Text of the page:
3 Women World Leaders

In a different universe we’d have the narrative of 3 simultaneous, powerful women leaders in Western democracies:

  • The 1st woman President of the United States, Hillary Clinton
  • The 1st woman Chancellor of Germany, Angela Merkel
  • The 2nd woman Prime Minister of Great Britain, Theresa May

Women increasing in influence, opportunity, etc., would be a big narrative.

And First Woman President Follows First Black President is a headline that literally would have made the history books.

But yet again the factual differences between that headline and what actually happened on election day is minuscule: a mere 80,000 votes.

Trump could have died on November 9th without a day in office, and the narrative about the United States would still have been fundamentally different than had Clinton won.

Instead of headlines about multiple women leaders in powerful countries, and the transition of US presidential power from one minority to another, we saw headlines like “An American Tragedy”.

Like a game where the winner wins by a single point, the facts are almost identical but the story that gets told is completely different.

It’s cliche but the word story makes up most of history. And history is just the emphasis of certain facts over others.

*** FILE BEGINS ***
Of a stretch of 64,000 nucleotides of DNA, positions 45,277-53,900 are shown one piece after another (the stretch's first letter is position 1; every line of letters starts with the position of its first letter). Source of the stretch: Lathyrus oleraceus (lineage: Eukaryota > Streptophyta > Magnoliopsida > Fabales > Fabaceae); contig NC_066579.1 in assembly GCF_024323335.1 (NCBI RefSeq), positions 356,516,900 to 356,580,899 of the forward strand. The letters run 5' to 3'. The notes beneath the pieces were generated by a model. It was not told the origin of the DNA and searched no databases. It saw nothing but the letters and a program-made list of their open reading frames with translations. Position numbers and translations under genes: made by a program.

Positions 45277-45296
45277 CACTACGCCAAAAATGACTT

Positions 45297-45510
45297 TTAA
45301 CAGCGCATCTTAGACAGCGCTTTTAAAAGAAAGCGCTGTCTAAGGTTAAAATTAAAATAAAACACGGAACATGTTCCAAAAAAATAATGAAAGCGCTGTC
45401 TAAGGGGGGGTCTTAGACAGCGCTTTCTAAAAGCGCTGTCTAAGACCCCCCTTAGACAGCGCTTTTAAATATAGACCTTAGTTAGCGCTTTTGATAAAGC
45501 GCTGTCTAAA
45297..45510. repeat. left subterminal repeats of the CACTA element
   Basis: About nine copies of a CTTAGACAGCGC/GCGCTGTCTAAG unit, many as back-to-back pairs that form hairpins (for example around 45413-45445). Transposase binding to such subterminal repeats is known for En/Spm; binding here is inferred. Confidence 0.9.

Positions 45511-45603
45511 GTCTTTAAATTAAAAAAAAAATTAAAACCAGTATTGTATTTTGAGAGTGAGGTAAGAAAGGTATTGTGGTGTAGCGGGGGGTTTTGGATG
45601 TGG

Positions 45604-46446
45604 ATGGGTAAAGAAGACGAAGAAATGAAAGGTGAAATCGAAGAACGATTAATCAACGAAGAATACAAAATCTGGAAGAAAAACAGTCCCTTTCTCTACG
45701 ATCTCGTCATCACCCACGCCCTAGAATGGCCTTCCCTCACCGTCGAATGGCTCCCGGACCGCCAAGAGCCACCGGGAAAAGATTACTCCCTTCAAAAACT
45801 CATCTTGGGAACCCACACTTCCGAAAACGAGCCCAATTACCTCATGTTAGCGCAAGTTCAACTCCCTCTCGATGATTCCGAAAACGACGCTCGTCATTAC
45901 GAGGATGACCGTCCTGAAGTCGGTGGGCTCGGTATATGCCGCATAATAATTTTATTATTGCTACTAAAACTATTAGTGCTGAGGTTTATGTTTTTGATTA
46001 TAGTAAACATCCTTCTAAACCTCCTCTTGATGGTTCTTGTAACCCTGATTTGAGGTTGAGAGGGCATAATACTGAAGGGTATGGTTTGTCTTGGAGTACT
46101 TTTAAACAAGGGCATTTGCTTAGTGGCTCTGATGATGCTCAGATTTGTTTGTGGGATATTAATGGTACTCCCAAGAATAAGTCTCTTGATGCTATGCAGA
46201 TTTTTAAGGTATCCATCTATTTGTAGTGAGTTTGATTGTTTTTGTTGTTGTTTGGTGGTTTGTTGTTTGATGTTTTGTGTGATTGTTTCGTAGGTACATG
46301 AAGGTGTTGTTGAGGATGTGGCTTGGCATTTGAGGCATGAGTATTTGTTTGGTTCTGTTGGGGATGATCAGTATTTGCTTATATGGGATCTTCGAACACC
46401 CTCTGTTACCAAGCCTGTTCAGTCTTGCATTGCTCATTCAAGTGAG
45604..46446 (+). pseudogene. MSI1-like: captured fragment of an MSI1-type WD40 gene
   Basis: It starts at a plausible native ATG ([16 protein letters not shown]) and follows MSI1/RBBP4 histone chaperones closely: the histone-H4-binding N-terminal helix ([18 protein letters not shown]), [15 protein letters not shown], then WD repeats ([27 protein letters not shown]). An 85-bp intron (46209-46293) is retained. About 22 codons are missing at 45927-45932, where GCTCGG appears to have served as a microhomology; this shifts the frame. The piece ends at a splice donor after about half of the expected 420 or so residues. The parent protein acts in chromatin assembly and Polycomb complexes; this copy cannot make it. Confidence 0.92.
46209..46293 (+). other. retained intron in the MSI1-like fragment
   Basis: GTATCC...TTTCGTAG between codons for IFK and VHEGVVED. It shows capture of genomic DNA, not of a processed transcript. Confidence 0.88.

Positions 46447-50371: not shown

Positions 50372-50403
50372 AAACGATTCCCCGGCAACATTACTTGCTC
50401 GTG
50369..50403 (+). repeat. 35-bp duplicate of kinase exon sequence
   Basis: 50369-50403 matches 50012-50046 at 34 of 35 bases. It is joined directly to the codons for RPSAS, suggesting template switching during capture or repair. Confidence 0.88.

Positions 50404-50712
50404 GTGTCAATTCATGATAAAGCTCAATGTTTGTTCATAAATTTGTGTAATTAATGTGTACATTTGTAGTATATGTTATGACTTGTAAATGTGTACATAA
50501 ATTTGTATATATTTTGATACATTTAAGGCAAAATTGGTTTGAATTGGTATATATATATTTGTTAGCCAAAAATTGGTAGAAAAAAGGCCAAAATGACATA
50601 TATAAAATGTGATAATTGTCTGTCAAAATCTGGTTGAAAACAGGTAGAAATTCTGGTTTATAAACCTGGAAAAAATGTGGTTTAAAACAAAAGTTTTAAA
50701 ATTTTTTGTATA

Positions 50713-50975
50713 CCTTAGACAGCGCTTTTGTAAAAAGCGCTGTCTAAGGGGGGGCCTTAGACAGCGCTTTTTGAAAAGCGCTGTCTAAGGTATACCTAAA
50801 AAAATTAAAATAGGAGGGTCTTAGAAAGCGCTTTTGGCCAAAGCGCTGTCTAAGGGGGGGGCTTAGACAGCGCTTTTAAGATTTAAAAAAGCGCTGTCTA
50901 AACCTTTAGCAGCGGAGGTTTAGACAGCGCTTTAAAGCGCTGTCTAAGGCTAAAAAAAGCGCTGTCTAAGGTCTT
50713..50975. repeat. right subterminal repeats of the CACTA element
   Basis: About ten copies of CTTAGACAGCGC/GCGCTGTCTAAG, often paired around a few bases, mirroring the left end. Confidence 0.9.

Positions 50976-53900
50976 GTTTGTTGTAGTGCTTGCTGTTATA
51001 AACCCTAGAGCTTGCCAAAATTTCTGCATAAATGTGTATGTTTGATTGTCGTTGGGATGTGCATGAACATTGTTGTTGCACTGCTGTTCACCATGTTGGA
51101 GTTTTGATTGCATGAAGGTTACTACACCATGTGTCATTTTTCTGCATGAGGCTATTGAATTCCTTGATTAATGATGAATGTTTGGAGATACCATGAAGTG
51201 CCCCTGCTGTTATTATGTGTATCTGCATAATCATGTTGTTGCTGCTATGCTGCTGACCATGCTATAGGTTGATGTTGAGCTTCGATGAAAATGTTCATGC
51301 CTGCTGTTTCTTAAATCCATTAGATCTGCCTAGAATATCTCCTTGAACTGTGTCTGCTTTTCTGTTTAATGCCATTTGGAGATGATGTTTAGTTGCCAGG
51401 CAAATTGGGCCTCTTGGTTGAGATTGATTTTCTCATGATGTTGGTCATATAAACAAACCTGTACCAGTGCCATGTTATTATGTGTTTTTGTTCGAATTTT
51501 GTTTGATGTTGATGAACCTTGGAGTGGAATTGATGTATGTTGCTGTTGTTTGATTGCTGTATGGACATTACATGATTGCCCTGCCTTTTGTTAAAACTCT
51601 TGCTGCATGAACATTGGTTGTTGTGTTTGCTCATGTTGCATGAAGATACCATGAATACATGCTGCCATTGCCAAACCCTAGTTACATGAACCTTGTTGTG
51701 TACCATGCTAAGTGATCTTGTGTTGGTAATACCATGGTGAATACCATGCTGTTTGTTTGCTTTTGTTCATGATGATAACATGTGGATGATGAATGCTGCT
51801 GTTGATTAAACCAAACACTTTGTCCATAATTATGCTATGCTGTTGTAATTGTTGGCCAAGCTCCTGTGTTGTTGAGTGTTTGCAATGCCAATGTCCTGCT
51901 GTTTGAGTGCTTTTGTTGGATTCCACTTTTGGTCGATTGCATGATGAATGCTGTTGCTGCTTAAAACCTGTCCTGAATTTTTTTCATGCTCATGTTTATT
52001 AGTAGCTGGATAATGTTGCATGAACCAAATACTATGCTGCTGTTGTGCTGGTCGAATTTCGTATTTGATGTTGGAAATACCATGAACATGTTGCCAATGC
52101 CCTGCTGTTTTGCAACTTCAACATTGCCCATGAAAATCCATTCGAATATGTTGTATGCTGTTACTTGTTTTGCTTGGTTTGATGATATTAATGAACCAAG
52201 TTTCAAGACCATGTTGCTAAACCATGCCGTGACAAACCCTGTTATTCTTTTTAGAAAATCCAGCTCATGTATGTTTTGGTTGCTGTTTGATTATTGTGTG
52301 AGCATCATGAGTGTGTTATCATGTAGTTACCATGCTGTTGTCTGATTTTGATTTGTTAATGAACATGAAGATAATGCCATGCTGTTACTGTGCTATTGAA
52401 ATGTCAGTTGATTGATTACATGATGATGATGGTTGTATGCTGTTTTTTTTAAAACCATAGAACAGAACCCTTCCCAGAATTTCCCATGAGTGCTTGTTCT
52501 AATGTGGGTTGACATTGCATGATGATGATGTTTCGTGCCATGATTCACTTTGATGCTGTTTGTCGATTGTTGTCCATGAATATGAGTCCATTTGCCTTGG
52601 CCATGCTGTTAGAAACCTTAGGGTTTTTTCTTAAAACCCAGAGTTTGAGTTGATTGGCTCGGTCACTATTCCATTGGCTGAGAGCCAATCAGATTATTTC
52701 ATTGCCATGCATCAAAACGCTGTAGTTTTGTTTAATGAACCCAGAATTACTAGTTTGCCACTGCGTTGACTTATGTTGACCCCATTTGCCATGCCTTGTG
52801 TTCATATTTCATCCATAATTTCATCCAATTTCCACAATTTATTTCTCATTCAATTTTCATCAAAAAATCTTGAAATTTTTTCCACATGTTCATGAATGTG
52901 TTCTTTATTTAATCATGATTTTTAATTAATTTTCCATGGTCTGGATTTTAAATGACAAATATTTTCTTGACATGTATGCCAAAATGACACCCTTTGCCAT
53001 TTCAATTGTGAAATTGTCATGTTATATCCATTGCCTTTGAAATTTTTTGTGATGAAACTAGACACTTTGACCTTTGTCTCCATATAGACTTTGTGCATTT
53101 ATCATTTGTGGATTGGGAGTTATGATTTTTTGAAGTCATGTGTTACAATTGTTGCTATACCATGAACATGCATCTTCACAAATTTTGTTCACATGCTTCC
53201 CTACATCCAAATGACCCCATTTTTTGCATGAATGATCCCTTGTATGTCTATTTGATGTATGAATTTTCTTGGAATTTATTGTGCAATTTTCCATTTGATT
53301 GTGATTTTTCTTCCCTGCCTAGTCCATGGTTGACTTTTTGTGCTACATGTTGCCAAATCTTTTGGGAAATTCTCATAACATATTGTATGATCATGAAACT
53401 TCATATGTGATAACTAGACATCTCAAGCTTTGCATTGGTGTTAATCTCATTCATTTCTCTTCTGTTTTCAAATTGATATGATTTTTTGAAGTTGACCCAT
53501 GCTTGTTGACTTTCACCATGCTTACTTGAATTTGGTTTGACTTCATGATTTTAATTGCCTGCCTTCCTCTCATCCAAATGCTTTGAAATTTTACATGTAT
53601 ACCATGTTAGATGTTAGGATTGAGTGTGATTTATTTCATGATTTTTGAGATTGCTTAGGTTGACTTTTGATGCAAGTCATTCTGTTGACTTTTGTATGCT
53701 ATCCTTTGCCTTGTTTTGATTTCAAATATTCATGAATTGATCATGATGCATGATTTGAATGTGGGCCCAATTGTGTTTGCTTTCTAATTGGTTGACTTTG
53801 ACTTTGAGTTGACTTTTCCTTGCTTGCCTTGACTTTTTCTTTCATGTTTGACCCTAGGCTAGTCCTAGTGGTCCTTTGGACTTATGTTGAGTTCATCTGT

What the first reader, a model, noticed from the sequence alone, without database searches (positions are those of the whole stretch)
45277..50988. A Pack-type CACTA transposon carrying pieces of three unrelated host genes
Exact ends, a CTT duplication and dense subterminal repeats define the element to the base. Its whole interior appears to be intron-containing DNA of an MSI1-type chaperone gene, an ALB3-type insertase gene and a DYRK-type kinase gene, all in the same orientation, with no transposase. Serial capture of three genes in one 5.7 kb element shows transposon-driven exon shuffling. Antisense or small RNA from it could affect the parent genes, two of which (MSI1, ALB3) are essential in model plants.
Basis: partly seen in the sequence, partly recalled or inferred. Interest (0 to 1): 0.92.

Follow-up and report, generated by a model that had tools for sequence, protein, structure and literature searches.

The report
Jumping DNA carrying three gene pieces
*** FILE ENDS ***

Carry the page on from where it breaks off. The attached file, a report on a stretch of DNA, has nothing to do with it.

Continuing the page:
Stories You Tell About Yourself

This happens everywhere, e.g. in headlines based on the same research study.

But a more interesting example is that you do this to yourself.

We tell stories about ourselves constantly: about how successful we are (or aren’t), about why we have certain preferences, about our own personalities.

Are you “lazy” or do you “work smart, not hard”?

Are you “introverted and shy”, or “someone who makes friends intentionally”?

Try this exercise:

Tell yourself 2 different versions of your career narrative.

Try one version where e.g. you’ve worked hard, made smart choices, minimized mistakes, and overcome a myriad of struggles.

Then try the total opposite where maybe you got a few lucky breaks, you happened to meet the right people at the right time, and you were in a field that was already growing.

Which one do you prefer? Does it matter?

So Anything Goes?

“So Trevor are you saying I should dig for the “true” story? Or that I can make up any story that best suits my needs? What the hell is your point?”